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Stress Management Intervention Designed for Cancer "Curvivors" Also Benefits "Metavivors"

Key findings

  • This study compared the experience of 156 "curvivors" (cancer survivors who completed treatment with curative intent) and 32 "metavivors" (cancer survivors living with chronic, incurable cancer) in an eight-week resiliency training program
  • Metavivors began the Stress Management and Resiliency Training: Relaxation Response Resiliency Program with more resilient health behaviors and less depression than curvivors did, yet their attendance rates were similar
  • Curvivors and metavivors demonstrated statistically comparable rates of change in resiliency, anxiety and worry throughout the program, although metavivors experienced significantly smaller reductions in depression
  • Heterogenous samples of cancer survivors may engage with and benefit from group-based resiliency interventions

More people than ever are completing cancer treatment that has curative intent and transition into life as "curvivors," as the Institute of Medicine terms them. A small group of women living with metastatic breast cancer coined the term "metavivors," and that term can be extended to people living with any chronic, incurable cancer.

Most survivorship interventions have been tested only for patients with early-stage cancers treated with curative intent. Researchers now report the Stress Management and Resiliency Training: Relaxation Response Resiliency Program (SMART-3RP), an established psychosocial support program offered at Massachusetts General Hospital, appears to be useful for metavivors as well.

Lucy Finkelstein-Fox, PhD, a psychologist in the Health Promotion and Resiliency Intervention Research Program (HPRIR) and Center for Psychiatric Oncology and Behavioral SciencesElyse R. Park, PhD, MPH, director of the HPRIR and director of behavioral research for the Tobacco Research and Treatment Center, the Benson–Henry Institute for Mind Body Medicine and the Cancer Survivorship Program, and colleagues describe the outcomes in Supportive Care in Cancer.


The SMART-3RP comprises eight weekly group sessions led by a clinical psychologist or psychiatrist. Sessions emphasize stress-awareness, stress-coping, and stress-buffering skills grounded in mind–body techniques (i.e., meditation, breath awareness), positive psychology (i.e., shifting focus to positive experiences) and cognitive behavioral therapy.

The program was designed to support cancer patients with "re-entry" to daily life once the structure of curative treatment ended. As time went on, patients living with cancer as a chronic illness who indicated interest were welcomed to join the same groups.

192 survivors completed online surveys before and/or after participating in a SMART-3RP group between 2017 and 2021. A medical oncologist reviewed their records and was able to determine the status of 188 patients: 156 (83%) were curvivors and 32 (17%) were metavivors.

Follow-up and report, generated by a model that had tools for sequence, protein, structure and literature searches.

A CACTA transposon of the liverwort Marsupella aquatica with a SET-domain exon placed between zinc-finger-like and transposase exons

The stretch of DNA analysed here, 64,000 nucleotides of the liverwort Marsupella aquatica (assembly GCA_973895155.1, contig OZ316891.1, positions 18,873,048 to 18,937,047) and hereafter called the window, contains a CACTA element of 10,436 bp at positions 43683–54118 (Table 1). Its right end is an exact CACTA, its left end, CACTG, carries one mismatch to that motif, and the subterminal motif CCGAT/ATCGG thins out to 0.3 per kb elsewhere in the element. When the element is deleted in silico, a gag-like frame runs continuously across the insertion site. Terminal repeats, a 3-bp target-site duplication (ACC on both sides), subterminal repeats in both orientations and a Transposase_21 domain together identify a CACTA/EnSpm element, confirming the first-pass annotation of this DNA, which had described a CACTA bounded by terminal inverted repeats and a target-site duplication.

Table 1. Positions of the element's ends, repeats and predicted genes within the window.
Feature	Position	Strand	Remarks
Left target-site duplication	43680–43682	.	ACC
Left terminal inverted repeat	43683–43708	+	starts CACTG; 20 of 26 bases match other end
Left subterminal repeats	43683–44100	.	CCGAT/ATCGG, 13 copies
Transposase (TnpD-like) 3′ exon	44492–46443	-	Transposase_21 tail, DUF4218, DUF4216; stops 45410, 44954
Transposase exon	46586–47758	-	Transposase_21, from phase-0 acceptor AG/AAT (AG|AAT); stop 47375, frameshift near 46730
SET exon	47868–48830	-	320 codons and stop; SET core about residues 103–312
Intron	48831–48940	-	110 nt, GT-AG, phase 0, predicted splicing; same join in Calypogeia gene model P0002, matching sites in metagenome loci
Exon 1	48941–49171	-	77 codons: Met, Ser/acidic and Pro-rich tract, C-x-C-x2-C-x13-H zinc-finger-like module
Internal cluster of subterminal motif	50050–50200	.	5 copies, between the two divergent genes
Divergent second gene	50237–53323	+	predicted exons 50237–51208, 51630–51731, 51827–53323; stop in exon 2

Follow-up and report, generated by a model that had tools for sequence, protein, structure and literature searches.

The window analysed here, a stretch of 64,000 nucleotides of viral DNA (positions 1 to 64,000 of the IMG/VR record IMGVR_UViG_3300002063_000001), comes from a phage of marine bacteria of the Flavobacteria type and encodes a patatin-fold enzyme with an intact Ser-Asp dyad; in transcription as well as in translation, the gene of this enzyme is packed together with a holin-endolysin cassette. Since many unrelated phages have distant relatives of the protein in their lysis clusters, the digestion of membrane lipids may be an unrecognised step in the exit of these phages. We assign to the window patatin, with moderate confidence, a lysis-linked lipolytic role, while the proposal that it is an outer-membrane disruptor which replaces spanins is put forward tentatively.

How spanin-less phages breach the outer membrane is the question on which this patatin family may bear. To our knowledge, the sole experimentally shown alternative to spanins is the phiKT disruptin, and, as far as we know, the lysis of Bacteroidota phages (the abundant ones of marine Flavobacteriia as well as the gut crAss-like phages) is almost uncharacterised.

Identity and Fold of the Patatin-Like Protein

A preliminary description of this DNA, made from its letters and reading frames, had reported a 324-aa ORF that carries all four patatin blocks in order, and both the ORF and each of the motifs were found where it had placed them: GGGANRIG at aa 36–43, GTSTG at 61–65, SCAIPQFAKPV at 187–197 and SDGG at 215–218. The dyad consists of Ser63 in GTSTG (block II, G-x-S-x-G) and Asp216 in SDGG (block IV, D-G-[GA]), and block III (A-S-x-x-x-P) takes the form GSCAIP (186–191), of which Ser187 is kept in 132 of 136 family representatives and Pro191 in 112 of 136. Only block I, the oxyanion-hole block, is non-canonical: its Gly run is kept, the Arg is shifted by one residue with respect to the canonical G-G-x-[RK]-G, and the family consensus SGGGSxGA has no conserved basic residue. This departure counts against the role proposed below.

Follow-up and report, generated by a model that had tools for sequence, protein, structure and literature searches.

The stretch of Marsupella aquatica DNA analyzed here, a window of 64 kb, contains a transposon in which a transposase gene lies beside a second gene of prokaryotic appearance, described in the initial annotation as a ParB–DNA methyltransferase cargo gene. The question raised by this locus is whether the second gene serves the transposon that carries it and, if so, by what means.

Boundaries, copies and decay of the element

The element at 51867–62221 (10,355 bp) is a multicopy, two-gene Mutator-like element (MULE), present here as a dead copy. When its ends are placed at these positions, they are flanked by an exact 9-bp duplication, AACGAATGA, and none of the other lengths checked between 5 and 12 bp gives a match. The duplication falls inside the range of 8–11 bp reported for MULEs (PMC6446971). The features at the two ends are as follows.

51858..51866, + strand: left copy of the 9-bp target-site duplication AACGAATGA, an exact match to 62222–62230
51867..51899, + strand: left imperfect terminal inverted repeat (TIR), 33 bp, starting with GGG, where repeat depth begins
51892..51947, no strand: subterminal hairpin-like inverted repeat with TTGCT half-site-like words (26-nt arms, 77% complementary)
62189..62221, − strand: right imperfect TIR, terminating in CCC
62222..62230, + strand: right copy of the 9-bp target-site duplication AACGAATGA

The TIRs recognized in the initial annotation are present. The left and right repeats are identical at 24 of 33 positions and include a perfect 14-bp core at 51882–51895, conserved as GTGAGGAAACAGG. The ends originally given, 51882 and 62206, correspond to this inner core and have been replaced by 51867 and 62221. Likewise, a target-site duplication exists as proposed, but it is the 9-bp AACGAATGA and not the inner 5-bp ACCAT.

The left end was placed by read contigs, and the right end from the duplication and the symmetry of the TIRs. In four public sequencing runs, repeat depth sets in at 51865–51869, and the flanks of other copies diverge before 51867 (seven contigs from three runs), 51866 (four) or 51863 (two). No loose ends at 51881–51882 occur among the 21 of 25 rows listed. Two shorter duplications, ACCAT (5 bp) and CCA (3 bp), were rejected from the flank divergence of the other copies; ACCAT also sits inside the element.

The survey measures included:

  • The 23-item Current Experiences Scale, which examines six domains of resiliency: appreciation for life, health behaviors, new perspectives, personal strength, relating to others and spiritual connection
  • The 7-item Generalized Anxiety Disorder assessment
  • The 8-item Patient Health Questionnaire (PHQ-8) about depressive symptoms
  • Three items from the Penn State Worry Questionnaire

Part of the study period fell during the COVID-19 pandemic, and thus 35% of participants attended at least some virtual sessions.


At baseline, metavivors had significantly less depression than curvivors (β = −2.42; P=0.04) and more resilient health behaviors (β=0.99; P=0.03). There were no other significant between-group differences in distress or resiliency.

Over the course of the program, curvivors reported a significant average within-person reduction of depression (1.72 points on the PHQ-8; P<0.001) and metavivors experienced a non-significant average increase (0.40 points; P=0.62). Individuals with greater distress have been shown to benefit more from intervention, so metavivors may have had less room for improvement.

The two groups demonstrated statistically comparable change in all other survey measures.

Neither the number of sessions attended nor the delivery modality (virtual vs. in-person) affected the strength of symptom change.

A Hypothesis-generating Study

The analyses in this study were exploratory, intended to guide hypothesis testing in future work. The finding that curvivors experienced significantly greater reductions in depression will inform a more nuanced consideration of curvivor–metavivor differences in stressors that precipitate and perpetuate depressive symptoms.

The finding that participants who attended sessions via videoconference were at no significant disadvantage compared to those who attended only in-person meetings has exciting implications for wider dissemination of the SMART-3RP.

Explore research in the Department of Psychiatry

Learn more about the Tobacco Research and Treatment Center

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